Know Your Steak Cuts Before Cutting Into Them

Steaks are among the most favorite meats of Americans. Indeed, the sensual satisfaction of cutting into beef oozing with its juices, enjoying its melt-in-your-mouth texture, and following it with wine and sides cannot be beat so easily.

But before ordering your order of steak complete with the sides at Morton’s Steakhouse, here are the steak cuts that you should know first.

Your enjoyment of steak will be better for it, too, since you have more information about what each cut tastes like in relation to the others.

Rib Eye SteakRib Eye Steak  -

Also known as market steak, Scotch filet, Delmonico steak, and Entrecôte, the rib eye steak comes from the front end of rib (i.e., Longissimus dorsi).

This is among the richest and beefiest cut available because of its relatively higher fat content.

Keep in mind that fat largely gives beef its distinctive flavors, thus, the right balance between fat and lean meat results in great steaks.

In a rib eye steak, the textures vary between the parts, too. Its central eye tends to have a smooth texture while the spinalis section has more fats and looser grains, which makes it one of the tastiest quick-cooking cuts.

Strip Steak

Also sold as top sirloin, New York strip, and contre-filet, strip steak comes from the Longissimus dorsi muscle.

The butcher cuts the steak toward the rear end of the steer specifically in the short loin primal.

Strip steak usually has a tight texture coupled with definite grain pattern, which means it can be moderately tender with a bit of a kick.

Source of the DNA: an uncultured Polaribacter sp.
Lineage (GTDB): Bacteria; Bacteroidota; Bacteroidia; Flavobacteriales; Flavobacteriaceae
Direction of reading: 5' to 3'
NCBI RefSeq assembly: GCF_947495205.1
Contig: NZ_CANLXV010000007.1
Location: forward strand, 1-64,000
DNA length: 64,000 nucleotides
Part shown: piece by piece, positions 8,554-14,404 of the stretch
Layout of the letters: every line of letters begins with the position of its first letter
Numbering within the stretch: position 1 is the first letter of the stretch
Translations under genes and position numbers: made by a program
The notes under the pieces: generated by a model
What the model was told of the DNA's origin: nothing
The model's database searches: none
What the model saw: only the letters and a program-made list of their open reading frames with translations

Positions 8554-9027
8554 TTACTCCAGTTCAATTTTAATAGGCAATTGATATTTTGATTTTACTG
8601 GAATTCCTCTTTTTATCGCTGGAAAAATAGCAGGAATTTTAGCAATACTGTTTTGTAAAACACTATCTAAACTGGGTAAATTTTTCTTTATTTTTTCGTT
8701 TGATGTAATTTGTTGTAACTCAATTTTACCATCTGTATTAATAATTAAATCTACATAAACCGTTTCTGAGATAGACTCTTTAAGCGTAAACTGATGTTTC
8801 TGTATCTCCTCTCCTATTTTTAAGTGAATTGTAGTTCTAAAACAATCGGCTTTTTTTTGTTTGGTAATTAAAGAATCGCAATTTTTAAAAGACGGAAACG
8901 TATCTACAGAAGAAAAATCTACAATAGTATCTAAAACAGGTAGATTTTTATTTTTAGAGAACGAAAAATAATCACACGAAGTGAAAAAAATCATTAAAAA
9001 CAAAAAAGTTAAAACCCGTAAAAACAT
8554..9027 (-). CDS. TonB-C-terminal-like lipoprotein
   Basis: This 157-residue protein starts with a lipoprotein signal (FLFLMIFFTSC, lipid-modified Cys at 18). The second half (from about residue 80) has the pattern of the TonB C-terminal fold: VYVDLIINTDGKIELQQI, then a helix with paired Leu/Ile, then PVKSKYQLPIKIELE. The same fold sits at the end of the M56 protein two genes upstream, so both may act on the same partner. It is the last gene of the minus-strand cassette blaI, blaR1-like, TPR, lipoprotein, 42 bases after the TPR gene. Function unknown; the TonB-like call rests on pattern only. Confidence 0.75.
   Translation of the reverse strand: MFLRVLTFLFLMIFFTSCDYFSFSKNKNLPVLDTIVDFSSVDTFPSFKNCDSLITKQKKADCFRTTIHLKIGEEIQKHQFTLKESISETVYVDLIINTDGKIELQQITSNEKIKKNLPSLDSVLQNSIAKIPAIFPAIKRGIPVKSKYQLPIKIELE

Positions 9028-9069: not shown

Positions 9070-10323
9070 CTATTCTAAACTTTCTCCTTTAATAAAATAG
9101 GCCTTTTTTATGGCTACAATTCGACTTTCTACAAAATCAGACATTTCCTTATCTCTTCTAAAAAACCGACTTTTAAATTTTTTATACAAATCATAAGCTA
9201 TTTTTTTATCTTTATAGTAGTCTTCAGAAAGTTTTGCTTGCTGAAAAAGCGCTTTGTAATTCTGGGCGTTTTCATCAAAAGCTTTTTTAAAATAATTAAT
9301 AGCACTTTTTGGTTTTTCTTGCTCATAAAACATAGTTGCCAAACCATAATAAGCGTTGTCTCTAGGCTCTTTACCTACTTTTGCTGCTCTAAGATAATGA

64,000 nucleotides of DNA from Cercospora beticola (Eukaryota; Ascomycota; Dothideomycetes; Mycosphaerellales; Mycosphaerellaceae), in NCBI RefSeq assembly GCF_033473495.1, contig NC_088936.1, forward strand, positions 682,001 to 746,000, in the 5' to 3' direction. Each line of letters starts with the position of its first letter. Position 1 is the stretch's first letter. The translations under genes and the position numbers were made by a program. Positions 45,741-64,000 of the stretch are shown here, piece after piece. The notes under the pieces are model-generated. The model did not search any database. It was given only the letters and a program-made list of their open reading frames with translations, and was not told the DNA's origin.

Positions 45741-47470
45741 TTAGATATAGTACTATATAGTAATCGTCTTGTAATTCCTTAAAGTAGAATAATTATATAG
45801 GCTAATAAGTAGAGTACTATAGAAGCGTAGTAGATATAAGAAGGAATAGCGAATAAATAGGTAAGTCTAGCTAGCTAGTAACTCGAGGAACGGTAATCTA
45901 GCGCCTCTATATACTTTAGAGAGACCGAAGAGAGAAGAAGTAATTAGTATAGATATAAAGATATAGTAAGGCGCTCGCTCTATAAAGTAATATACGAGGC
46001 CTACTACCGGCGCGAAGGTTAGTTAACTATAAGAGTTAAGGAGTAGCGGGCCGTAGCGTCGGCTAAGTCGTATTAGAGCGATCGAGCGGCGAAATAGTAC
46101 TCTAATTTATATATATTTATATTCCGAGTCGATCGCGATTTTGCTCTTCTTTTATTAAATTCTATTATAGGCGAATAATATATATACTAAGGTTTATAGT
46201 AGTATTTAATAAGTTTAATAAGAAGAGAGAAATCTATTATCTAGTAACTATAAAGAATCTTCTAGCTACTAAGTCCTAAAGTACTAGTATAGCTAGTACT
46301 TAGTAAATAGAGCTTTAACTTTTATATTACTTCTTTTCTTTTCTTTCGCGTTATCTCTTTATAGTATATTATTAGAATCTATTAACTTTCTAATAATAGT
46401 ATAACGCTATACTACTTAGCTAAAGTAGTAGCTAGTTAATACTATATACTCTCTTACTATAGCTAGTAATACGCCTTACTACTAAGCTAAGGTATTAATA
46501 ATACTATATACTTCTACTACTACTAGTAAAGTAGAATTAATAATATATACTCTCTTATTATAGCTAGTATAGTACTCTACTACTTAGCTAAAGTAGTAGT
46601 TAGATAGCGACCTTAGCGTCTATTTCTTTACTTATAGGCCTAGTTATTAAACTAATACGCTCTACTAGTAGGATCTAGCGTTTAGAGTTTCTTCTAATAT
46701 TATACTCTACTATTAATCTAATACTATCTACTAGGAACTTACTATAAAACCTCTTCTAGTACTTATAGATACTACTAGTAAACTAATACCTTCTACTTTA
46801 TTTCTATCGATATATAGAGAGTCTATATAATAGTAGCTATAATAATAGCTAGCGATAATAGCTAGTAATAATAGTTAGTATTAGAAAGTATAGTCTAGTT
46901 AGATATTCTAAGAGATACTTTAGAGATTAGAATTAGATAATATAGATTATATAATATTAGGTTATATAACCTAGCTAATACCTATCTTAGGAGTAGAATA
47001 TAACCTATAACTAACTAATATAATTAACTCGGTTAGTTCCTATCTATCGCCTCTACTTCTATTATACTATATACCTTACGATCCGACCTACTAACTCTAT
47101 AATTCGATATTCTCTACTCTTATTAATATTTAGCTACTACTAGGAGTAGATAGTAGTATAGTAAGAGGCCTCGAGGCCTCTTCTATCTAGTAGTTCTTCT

It also has a strong beefy flavor, good marbling pattern, and with no large pockets of fat, thus, its popularity in steakhouses.

It is best grilled, broiled, and pan-fried because of its easy-to-cut, easy-to-cook yet flavorful character.

Tenderloin Steak

Also known as filet mignon, Tournedo, and Châteaubriand depending on the specific area where it was cut, tenderloin steak comes from the tenderloin’s smaller tapered section usually closest to the rib primal.

This is an extremely tender cut characterized by very low fat content, nearly-buttery texture, and mild flavors.

But because of its low fat content, tenderloin cuts have a tendency to cook faster and to dry out easier, too.

Pan-frying coupled with basting with butter will contribute to its more intense flavors especially when paired with compound butters or flavorful sauces once served on the plate.

Which of these steaks do you like best? You can eat each cut one at a time and then make a decision – or better yet, order all of them for life is too short to play favorites when it comes to steaks.

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